Common Table Expressions, CTE in short, is a new feature in SQL Server 2005. CTE is a temporary result set and is defined as part of a SELECT, INSERT, UPDATE, DELETE and CREATE VIEW statements. A very simple usage of a CTE is given below.
WITH MyCTE( ListPrice, SellPrice) AS
A CTE definition requires three things, viz, a name for the CTE (MyCTE in the above example), an optional list of columns (ListPrice and SellPrice) and the query following the AS keyword.
Using CTE could improve readability when used in complex queries involving several tables. It would be a good replacement in cases where you are using a temporary table just once after creation. The advantages of using CTE are given below.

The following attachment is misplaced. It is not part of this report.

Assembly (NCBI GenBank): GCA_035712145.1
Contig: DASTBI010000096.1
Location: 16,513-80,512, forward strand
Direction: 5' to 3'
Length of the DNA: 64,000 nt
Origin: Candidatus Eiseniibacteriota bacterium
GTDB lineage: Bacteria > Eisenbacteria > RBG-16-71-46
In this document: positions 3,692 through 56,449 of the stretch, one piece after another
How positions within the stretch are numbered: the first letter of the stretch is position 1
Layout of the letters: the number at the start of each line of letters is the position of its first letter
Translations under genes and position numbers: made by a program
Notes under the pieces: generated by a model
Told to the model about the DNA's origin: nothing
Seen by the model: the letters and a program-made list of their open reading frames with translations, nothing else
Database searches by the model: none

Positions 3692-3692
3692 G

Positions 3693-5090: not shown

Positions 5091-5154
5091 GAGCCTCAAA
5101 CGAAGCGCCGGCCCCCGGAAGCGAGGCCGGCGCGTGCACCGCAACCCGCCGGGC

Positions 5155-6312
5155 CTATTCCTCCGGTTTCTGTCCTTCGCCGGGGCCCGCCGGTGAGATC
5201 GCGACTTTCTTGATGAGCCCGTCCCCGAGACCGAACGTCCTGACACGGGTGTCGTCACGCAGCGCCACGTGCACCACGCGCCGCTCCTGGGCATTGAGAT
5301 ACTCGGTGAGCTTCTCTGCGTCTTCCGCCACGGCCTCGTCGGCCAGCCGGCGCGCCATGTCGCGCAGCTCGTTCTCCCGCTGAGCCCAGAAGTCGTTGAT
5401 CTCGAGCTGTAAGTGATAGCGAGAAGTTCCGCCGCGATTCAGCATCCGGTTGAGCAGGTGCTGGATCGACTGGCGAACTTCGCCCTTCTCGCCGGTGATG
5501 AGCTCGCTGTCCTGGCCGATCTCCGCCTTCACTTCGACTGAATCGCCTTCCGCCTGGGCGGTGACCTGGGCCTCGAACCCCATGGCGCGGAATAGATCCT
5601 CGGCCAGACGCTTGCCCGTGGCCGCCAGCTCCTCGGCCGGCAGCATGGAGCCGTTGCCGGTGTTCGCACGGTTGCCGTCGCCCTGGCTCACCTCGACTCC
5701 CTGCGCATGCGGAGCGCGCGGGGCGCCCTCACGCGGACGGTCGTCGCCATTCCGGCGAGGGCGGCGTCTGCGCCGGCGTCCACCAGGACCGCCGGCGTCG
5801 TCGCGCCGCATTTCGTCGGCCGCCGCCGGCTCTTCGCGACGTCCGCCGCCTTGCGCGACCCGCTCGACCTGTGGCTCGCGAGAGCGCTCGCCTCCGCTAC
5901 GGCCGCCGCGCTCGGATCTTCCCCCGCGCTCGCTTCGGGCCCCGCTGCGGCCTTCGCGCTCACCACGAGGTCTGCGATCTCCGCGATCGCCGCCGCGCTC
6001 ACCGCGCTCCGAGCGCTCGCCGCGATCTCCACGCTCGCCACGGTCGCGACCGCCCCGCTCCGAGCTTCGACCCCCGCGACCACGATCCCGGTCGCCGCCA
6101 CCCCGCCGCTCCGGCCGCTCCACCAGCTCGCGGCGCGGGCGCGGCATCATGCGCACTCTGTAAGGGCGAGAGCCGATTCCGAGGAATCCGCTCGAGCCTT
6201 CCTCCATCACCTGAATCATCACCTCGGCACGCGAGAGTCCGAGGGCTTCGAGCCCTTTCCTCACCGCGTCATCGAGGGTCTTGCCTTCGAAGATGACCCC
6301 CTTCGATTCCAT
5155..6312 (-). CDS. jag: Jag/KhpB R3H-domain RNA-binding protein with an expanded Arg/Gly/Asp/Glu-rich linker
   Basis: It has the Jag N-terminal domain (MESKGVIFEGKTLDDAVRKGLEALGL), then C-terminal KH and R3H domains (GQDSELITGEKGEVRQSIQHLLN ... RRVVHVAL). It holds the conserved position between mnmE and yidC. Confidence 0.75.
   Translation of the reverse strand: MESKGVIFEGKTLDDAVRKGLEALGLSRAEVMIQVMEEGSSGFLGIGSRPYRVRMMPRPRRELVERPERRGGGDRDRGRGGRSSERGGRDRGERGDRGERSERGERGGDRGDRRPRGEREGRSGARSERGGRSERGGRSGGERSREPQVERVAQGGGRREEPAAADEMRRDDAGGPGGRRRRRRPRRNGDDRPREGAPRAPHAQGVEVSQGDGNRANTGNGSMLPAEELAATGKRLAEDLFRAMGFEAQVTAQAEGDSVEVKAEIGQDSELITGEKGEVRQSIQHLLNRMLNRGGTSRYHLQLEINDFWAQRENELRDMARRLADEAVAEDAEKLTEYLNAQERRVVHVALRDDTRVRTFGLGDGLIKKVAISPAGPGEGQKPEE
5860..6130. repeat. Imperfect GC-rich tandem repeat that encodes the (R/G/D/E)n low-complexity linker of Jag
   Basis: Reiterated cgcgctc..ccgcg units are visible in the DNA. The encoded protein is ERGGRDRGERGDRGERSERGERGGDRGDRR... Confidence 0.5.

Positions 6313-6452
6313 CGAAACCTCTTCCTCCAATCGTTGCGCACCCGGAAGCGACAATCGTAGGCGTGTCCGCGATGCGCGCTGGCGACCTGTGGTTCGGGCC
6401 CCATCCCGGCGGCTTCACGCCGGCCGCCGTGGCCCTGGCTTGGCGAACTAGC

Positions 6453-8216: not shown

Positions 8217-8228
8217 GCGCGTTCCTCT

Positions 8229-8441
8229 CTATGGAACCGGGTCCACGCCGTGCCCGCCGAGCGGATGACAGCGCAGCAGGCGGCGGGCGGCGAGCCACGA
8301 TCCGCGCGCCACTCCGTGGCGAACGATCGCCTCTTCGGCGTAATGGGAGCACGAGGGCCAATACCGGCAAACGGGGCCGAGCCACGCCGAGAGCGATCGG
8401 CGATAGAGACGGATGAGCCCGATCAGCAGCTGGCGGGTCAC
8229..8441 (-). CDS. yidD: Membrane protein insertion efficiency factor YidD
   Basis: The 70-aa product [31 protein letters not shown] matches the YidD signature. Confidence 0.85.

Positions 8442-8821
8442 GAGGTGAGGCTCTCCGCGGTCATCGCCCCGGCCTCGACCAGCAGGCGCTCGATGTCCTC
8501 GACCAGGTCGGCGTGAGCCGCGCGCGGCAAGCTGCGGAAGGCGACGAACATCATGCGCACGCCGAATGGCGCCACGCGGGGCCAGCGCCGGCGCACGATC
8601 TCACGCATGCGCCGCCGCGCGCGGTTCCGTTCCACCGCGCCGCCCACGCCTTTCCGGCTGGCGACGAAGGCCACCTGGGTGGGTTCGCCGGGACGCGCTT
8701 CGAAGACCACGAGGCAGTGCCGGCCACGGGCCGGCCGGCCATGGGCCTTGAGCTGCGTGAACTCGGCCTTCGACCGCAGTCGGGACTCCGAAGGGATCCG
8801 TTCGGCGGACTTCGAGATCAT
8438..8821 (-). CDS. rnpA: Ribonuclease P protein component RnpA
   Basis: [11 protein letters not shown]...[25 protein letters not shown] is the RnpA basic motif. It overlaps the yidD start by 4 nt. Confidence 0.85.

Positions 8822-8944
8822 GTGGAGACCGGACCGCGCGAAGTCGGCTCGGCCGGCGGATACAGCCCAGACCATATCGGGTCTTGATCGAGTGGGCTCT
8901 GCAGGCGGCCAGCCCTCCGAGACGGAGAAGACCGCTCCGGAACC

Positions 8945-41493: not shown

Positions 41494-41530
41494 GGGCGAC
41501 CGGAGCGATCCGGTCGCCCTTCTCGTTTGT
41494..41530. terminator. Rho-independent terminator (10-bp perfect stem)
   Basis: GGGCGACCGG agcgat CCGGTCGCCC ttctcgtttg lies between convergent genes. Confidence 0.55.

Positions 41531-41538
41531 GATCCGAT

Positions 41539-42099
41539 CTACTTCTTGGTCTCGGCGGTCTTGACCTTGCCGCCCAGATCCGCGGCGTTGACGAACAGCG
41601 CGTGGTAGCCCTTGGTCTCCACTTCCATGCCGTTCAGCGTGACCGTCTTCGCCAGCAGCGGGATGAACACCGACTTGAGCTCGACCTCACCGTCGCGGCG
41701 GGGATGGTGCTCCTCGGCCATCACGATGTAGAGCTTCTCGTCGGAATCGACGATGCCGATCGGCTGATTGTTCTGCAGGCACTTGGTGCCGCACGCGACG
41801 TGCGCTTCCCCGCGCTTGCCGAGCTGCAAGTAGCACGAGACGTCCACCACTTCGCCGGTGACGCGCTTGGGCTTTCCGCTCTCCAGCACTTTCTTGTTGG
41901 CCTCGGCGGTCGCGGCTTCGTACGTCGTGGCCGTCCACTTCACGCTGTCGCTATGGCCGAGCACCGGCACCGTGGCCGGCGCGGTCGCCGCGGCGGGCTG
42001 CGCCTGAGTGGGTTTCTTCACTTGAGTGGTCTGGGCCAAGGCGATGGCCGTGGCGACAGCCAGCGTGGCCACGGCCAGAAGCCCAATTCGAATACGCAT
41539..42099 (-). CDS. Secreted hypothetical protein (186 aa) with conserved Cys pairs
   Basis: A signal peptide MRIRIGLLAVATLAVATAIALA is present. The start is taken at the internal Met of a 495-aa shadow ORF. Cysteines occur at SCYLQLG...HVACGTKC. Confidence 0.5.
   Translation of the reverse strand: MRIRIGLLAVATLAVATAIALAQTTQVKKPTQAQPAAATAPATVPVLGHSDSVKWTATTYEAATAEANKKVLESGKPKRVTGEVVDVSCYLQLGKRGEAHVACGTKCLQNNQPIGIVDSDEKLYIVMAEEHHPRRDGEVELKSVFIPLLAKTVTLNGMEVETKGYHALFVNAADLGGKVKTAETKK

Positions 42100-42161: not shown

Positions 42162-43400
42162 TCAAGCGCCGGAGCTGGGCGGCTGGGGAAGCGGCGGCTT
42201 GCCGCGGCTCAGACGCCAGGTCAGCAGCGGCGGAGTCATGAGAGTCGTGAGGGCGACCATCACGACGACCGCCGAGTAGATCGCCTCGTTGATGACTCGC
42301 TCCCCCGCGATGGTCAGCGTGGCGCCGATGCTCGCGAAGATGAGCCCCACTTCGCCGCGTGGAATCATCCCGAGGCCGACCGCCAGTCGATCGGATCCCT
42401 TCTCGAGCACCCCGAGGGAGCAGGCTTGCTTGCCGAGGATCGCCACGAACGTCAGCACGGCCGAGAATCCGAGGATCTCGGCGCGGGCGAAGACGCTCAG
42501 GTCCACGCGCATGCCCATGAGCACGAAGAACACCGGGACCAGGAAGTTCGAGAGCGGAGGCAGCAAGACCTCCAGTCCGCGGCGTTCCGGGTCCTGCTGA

- Create a recursive query.
- Substitute for a view when the general use of a view is not required; that is, you do not have to store the definition in metadata.
- Enable grouping by a column that is derived from a scalar subselect, or a function that is either not deterministic or has external access.
- Reference the resulting table multiple times in the same statement.
To learn more about the capabilities and limitations of CTE, visit the MSDN article MSDN site.